Between the Lines: ‘Death Row All Stars’ debuts at Raley Field event

It’s not often that a national book launch takes place at a baseball stadium, but one is coming to Raley Field.

Grass Valley nonfiction Western writer Chris Enss and co-author Howard Kazanjian tell a remarkable, little-known and scandalous story in “Death Row All Stars: A Story of Baseball, Corruption, and Murder” (Globe Pequot, $17, 176 pages). The two will be at Raley Field for a meet ’n’ greet and book-signing from 4:30 to 5:30 p.m. Saturday, before the Sacramento River Cats take on the Reno Aces at 7:05 p.m.

In the early 1900s, in the Golden Age of Baseball, the death-row inmates at Wyoming State Penitentiary had formed a team known as the Death Row All Stars. And they were very, very good – and notorious. So notorious that other baseball teams from around California, Nevada, Oregon and other Western states lined up to play them on the penitentiary grounds.

From opposing teams’ viewpoints, playing the Death Row All Stars was a somewhat twisted, once-in-a-lifetime novelty. For the All Stars themselves ... well, they believed they would be granted reprieves from their death sentences if they kept smoking the competition. Which was motive enough.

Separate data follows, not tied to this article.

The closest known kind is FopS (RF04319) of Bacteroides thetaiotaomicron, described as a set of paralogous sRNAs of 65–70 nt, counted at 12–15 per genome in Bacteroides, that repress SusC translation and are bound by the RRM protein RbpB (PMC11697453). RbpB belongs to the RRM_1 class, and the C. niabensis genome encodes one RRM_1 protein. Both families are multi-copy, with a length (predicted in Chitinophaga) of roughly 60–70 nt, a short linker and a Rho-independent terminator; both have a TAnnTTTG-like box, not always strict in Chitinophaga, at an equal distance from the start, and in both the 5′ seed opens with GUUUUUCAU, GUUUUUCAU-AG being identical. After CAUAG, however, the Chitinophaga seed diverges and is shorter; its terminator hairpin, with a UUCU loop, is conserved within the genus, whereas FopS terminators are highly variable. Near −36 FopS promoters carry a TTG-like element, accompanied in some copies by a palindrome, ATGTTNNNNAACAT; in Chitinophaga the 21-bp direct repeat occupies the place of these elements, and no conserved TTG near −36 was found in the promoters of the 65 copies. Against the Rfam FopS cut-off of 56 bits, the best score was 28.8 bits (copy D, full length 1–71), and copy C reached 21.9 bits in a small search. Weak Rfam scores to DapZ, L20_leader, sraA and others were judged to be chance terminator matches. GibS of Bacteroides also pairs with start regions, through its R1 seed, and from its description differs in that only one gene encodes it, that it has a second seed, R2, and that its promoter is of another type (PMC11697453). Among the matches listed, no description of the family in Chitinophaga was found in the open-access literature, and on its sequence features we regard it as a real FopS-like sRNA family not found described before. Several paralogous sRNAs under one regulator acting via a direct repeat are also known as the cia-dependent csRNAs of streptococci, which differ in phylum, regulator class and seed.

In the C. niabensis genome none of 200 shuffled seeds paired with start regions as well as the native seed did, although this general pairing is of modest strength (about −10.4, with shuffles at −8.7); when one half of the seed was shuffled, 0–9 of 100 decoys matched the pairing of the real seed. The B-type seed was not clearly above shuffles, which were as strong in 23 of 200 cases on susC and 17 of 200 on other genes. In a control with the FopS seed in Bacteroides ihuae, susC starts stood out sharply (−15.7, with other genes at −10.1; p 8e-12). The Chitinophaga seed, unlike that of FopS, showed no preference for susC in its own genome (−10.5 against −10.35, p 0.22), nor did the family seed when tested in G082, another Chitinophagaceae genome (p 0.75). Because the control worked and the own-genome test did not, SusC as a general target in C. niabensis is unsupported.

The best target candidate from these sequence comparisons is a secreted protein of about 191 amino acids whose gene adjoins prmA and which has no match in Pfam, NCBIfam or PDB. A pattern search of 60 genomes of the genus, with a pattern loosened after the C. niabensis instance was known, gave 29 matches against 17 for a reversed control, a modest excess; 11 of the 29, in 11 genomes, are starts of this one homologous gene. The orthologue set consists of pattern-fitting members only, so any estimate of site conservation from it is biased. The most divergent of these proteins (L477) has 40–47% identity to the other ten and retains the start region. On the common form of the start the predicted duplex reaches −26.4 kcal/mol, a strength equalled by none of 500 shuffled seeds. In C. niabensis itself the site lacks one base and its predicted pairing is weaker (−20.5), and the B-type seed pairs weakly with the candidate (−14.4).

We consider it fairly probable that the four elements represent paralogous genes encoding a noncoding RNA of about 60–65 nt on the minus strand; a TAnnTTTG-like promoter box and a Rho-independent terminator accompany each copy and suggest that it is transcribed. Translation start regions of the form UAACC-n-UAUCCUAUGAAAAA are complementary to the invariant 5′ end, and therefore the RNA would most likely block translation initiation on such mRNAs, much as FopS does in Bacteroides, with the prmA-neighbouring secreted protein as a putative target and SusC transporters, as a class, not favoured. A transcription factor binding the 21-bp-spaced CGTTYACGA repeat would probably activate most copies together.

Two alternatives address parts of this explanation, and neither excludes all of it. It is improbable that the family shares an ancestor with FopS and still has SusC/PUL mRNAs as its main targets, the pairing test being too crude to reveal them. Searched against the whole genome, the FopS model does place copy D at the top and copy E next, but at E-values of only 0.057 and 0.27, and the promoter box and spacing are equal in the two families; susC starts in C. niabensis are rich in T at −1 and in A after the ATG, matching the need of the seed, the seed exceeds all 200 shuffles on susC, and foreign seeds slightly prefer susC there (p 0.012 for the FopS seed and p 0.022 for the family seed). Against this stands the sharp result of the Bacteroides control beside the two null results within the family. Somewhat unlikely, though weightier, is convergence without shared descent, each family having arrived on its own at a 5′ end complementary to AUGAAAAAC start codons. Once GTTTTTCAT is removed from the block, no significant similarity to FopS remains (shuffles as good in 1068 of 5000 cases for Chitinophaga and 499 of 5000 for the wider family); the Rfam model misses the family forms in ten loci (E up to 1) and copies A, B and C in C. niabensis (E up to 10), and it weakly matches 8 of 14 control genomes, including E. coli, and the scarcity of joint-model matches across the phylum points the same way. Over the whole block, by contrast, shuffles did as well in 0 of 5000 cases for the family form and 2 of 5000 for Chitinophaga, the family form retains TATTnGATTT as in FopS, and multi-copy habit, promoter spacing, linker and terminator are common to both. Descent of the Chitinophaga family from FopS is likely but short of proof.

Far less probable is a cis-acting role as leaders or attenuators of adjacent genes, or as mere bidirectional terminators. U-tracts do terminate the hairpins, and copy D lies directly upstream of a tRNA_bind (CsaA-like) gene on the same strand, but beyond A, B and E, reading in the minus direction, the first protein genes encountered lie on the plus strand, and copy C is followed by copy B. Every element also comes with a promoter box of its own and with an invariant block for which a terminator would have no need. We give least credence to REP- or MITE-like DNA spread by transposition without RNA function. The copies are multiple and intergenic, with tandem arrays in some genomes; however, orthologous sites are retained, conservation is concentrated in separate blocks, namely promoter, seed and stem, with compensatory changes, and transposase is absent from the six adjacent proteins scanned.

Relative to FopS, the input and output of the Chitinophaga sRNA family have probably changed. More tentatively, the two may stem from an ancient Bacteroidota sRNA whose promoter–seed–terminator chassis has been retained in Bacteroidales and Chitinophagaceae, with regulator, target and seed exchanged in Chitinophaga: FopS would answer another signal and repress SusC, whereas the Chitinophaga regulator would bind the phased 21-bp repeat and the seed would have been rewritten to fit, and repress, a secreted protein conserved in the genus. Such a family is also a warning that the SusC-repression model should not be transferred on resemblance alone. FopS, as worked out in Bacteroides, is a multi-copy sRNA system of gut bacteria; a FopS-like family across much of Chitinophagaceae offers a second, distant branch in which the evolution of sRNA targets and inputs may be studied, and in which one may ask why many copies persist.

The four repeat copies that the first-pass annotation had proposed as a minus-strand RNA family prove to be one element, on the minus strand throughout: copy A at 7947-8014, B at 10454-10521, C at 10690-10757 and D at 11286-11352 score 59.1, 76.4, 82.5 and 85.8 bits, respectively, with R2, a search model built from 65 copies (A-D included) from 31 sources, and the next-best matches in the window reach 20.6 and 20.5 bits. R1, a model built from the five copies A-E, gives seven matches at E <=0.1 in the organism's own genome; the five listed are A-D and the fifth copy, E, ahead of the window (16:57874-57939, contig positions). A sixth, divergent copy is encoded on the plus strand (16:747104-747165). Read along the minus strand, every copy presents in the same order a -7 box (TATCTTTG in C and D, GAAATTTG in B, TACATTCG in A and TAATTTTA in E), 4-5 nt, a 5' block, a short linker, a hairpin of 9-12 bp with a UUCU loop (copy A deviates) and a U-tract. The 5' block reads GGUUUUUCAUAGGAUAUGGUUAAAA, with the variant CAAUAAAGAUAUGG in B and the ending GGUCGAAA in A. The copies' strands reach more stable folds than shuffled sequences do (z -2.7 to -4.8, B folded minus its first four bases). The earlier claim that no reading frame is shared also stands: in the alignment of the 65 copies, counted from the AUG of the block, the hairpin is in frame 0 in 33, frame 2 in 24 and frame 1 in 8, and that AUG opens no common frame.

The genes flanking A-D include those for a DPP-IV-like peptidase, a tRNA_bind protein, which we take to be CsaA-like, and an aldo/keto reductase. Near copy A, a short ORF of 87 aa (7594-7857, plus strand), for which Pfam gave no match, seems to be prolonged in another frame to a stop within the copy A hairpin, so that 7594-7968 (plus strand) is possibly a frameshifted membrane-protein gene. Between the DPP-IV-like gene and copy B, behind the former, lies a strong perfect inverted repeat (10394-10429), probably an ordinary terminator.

“The idea of literally playing for time was a great incentive for them to be good, and they were one of the best baseball teams in the West,” said Enss. “They played for only one season and were unbeaten, and a lot of people won a lot of money betting on them.”

The first incarnation of “Death Row All Stars” was published in 2004 as “Playing for Time,” but was not distributed, Enss said. Its publisher pulled it back to avoid conflict with another baseball book it was publishing at the same time. Years later, Enss teamed with longtime writing partner Kazanjian to write an expanded version. “The new book has much more information,” she said.

The Death Row All Stars’ brief reign ended as their execution dates began coming up. The first among them to be led to the gallows was their most valuable player, third baseman Joseph Seng.

“He was a powerful batter, as well, and would eat zinger after zinger,” Enss said.